Life in the outdoors carries an extremely rare, but terrifying risk. The risk of getting lost. Losing a trail, getting caught in weather, getting separated from your party and other extenuating circumstances can lead to getting lost, which is the worst case scenario for anyone who lives for adventure. The most important thing to remember when you get lost is to remain calm. Panicking will get you nowhere, literally. There’s always a way out. Just remember the S.T.O.P. acronym:
S – Stop. Just stop. The realization that you are lost is going to set off your fight or flight response and will send you into a fit of hurried panic. This can lead to you aimlessly wandering around unfamiliar areas, ultimately ending up with you becoming even further away from where you need to be. Hours could seem like minutes due to the haze of this primal response. This is the most critical time for you to limit the damage and increase your chances of being found. Drink water. Eat food. Stop. Collect yourself by taking deep breaths. Stay where you are. Be of stable mind before you assess your situation. The first step is acknowledging that you are lost, then moving forward from there.
T – Think. Start asking yourself simple, necessary questions. What landmarks have you passed? Who was the last person you saw? Is someone looking for me? Last person you talked to? When was the last time you recognized your surroundings? When did you last have cell coverage? What direction are you facing? The average hiker travels at only two miles an hour. You probably aren’t as lost as you think.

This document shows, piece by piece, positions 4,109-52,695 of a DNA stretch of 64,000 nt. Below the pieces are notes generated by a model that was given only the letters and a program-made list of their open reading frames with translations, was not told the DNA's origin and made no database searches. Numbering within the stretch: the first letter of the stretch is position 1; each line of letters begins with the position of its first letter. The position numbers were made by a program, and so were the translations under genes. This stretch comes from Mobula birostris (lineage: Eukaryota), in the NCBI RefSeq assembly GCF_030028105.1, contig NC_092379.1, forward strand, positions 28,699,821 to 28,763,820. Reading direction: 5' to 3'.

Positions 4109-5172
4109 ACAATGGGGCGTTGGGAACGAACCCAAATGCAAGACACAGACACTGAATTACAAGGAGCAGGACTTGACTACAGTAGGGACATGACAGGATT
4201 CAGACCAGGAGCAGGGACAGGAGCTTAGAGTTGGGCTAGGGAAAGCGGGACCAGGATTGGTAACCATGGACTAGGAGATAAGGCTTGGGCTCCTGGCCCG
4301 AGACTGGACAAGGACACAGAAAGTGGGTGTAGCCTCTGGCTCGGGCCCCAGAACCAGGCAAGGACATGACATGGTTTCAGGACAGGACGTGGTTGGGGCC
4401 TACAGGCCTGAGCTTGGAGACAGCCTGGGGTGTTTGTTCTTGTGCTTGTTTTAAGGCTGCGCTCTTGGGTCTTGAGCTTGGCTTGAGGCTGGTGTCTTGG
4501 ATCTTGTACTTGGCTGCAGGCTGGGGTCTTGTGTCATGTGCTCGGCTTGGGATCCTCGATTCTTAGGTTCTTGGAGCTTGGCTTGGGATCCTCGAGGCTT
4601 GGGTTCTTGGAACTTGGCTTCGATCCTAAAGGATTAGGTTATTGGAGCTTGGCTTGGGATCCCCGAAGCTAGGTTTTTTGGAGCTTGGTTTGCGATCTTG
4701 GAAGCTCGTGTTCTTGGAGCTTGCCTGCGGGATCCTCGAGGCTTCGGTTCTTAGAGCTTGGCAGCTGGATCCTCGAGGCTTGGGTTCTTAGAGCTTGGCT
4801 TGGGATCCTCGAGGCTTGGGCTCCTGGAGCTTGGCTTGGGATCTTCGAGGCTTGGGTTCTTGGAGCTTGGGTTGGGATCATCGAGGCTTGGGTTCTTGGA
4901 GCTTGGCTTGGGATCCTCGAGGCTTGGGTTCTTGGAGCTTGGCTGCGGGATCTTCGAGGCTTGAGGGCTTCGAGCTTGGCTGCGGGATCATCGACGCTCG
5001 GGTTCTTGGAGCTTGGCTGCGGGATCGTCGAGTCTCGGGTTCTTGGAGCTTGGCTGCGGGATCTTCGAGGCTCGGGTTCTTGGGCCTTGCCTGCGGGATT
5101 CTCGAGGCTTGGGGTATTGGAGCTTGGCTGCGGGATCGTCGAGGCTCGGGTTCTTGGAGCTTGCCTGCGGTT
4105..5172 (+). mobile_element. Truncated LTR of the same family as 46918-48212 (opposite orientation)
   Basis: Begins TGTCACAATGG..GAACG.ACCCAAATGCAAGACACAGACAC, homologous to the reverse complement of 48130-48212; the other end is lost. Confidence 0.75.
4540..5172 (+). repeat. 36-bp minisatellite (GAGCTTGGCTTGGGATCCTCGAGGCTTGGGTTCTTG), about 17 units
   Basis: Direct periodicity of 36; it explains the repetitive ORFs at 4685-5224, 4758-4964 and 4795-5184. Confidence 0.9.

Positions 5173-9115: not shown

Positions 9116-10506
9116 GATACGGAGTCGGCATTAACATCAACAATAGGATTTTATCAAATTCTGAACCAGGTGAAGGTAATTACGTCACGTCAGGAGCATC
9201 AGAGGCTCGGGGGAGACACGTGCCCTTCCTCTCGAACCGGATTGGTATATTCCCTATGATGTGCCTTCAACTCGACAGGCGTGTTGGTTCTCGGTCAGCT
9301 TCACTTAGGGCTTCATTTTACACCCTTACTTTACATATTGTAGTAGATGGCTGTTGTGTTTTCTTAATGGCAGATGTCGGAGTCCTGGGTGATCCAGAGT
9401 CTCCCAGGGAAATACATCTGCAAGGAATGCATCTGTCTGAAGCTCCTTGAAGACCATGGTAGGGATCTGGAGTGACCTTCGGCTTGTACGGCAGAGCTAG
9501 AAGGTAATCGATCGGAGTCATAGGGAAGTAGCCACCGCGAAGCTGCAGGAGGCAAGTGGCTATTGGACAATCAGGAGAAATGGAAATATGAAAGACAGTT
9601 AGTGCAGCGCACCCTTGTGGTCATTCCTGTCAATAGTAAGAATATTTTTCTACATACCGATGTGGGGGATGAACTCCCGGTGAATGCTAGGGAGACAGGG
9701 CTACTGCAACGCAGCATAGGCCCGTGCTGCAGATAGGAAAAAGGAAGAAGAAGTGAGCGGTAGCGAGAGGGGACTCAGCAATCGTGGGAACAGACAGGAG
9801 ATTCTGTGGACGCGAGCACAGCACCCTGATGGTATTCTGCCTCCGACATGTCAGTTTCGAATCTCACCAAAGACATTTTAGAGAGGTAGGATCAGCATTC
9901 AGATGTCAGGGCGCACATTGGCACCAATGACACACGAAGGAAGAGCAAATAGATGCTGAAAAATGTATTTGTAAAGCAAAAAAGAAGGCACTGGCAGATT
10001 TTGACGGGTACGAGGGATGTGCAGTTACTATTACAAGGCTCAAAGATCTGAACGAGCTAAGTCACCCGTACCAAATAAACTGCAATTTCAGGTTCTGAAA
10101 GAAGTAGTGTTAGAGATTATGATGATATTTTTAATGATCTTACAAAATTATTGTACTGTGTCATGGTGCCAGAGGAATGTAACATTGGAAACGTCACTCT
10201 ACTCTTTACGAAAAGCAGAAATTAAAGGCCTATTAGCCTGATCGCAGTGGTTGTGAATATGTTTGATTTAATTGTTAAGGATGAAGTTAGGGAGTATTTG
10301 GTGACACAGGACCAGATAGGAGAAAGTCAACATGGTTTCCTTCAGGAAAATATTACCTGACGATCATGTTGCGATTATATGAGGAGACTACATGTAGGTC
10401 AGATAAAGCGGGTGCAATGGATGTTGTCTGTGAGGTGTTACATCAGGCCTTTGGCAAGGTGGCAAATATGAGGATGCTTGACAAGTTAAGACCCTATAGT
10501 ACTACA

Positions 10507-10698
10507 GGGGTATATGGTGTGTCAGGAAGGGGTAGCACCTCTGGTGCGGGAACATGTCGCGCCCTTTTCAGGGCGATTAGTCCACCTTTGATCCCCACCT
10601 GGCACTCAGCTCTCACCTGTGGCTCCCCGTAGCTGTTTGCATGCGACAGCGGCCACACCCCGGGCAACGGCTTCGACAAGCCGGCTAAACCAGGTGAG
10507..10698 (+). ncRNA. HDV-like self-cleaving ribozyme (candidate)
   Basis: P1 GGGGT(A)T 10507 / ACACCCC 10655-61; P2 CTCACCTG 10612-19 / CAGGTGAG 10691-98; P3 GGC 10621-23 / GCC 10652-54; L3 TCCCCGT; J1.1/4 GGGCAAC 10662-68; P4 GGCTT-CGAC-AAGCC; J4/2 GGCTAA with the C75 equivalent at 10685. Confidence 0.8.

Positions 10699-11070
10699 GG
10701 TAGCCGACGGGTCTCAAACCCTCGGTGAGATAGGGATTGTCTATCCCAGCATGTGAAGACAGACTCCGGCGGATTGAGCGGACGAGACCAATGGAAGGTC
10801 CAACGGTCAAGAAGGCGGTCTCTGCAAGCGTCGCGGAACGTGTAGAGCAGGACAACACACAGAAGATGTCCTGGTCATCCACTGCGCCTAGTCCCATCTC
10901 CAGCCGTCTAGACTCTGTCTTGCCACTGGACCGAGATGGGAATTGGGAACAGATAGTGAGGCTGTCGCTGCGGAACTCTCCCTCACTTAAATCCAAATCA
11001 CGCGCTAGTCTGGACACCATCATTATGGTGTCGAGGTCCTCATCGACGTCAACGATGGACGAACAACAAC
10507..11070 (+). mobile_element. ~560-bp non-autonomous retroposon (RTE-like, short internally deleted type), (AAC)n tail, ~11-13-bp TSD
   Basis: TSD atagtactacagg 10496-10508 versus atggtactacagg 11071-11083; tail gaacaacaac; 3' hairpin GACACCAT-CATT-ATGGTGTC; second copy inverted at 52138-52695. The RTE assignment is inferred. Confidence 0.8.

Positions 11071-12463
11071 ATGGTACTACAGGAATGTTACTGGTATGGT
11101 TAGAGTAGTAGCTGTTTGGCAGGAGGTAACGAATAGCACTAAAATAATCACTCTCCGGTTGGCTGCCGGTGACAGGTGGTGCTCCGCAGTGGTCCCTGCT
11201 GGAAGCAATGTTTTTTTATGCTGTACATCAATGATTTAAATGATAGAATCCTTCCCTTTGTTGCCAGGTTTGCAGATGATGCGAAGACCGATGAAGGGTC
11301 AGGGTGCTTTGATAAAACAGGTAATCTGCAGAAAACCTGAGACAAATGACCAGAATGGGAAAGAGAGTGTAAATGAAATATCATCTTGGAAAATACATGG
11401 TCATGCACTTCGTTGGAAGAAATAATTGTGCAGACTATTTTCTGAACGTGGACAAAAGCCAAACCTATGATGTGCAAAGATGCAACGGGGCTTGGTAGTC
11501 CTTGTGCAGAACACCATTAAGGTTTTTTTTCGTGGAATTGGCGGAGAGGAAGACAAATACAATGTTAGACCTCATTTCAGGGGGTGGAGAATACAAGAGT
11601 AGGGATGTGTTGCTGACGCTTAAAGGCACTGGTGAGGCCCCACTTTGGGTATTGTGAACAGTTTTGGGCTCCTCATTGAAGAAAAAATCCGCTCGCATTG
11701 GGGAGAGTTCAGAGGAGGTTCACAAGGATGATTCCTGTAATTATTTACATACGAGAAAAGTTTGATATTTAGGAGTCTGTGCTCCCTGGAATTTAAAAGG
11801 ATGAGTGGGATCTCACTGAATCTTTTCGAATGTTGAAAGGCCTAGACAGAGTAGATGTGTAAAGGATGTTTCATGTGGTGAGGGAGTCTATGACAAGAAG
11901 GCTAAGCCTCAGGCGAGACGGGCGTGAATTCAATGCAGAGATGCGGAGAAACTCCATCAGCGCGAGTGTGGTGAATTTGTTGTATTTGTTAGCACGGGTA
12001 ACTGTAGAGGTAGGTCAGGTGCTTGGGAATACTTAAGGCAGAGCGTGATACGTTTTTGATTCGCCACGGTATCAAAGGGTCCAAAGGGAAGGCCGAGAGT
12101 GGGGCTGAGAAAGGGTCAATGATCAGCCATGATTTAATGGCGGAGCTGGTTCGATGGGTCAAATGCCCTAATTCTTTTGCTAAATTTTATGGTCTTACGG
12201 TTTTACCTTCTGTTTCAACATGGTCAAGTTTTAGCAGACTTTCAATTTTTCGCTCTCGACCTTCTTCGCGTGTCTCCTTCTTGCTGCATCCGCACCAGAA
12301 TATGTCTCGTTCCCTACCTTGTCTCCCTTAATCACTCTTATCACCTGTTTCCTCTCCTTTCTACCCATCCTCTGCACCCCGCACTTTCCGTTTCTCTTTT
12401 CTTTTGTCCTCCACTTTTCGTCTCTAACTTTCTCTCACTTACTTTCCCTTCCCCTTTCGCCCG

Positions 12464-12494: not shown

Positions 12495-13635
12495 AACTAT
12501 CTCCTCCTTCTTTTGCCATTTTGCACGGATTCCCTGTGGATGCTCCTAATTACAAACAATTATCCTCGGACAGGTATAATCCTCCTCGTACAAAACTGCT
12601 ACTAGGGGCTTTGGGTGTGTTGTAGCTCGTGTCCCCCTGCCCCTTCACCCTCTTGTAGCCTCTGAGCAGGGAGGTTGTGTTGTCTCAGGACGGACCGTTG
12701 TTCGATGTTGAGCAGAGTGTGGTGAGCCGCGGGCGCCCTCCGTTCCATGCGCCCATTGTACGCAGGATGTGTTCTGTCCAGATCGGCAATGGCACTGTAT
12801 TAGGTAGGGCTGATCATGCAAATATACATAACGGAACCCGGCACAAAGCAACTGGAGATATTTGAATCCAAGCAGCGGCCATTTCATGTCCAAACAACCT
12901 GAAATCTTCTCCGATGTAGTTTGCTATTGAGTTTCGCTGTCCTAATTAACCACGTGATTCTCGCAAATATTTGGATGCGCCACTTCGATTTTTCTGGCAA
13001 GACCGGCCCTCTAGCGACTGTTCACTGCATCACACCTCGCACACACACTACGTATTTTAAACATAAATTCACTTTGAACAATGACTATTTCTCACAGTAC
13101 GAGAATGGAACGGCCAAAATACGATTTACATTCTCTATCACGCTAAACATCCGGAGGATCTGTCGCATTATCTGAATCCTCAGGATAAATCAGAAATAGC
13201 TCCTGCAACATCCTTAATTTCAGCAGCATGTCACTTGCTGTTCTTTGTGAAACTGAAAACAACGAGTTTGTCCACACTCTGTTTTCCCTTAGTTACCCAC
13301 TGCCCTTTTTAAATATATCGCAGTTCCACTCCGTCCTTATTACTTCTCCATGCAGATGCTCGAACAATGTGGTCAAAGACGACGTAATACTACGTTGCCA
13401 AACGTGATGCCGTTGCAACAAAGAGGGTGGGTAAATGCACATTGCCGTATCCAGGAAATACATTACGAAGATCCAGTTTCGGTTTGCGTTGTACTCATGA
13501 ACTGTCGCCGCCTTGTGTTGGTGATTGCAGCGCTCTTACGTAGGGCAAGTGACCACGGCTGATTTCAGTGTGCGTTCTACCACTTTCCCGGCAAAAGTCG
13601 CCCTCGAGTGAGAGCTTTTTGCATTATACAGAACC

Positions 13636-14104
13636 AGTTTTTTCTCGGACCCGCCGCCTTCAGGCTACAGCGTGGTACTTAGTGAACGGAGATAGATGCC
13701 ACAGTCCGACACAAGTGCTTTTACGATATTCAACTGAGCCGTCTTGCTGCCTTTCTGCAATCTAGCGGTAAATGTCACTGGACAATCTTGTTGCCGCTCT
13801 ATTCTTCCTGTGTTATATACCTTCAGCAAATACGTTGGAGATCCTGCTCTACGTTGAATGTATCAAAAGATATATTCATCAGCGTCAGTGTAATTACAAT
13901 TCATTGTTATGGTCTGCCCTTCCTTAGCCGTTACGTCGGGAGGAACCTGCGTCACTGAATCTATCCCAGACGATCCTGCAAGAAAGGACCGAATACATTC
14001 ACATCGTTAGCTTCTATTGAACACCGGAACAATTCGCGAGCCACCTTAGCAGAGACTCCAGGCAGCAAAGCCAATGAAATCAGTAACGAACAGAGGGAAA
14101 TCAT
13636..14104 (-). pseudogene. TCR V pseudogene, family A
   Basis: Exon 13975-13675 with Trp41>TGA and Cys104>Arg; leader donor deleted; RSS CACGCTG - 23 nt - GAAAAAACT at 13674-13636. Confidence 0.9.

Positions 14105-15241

O – Observe. Take landmarks into account. How much daylight do you have left? Is there a vantage point somewhere close so you can get your bearings? What’s the terrain like? What kind of resources do I have at my disposal? Take out your camera or phone and see if you can recognize anything in the background of a picture you recently took. Pay attention to the weather. Look for materials for shelter in case you have to sleep outside. What kind of wildlife can I expect to encounter? Is there freshwater nearby? Shelter, food and water and staying warm should be your top priorities.
P – Plan. At this point, you have assessed your situation. Now you need a plan. Under no circumstances should you move without a plan. Do not aimlessly wander in hopes of stumbling across some sort of civilization. If you can’t retrace your steps, the fastest way out of heavily forested areas is to move downhill. The lower 48 states are littered with old state highways and back roads. The odds are that you are never more than 10 miles from a road in the continental US. Even the most remote regions of the US, like Yellowstone or the Rocky Mountains, are less than 25 miles from roads, trails or railways. At the most, you are never more than a 10-12 hour hike from being found as long as you head in the right direction. Make a plan and stick to it.
The best way to prevent getting lost is to have redundancies at your disposal. A paper map, a two-way GMRS radio, a compass, portable weather radio and a firestarting kit are all things any hiker should have in their pack. Prepare for the unexpected.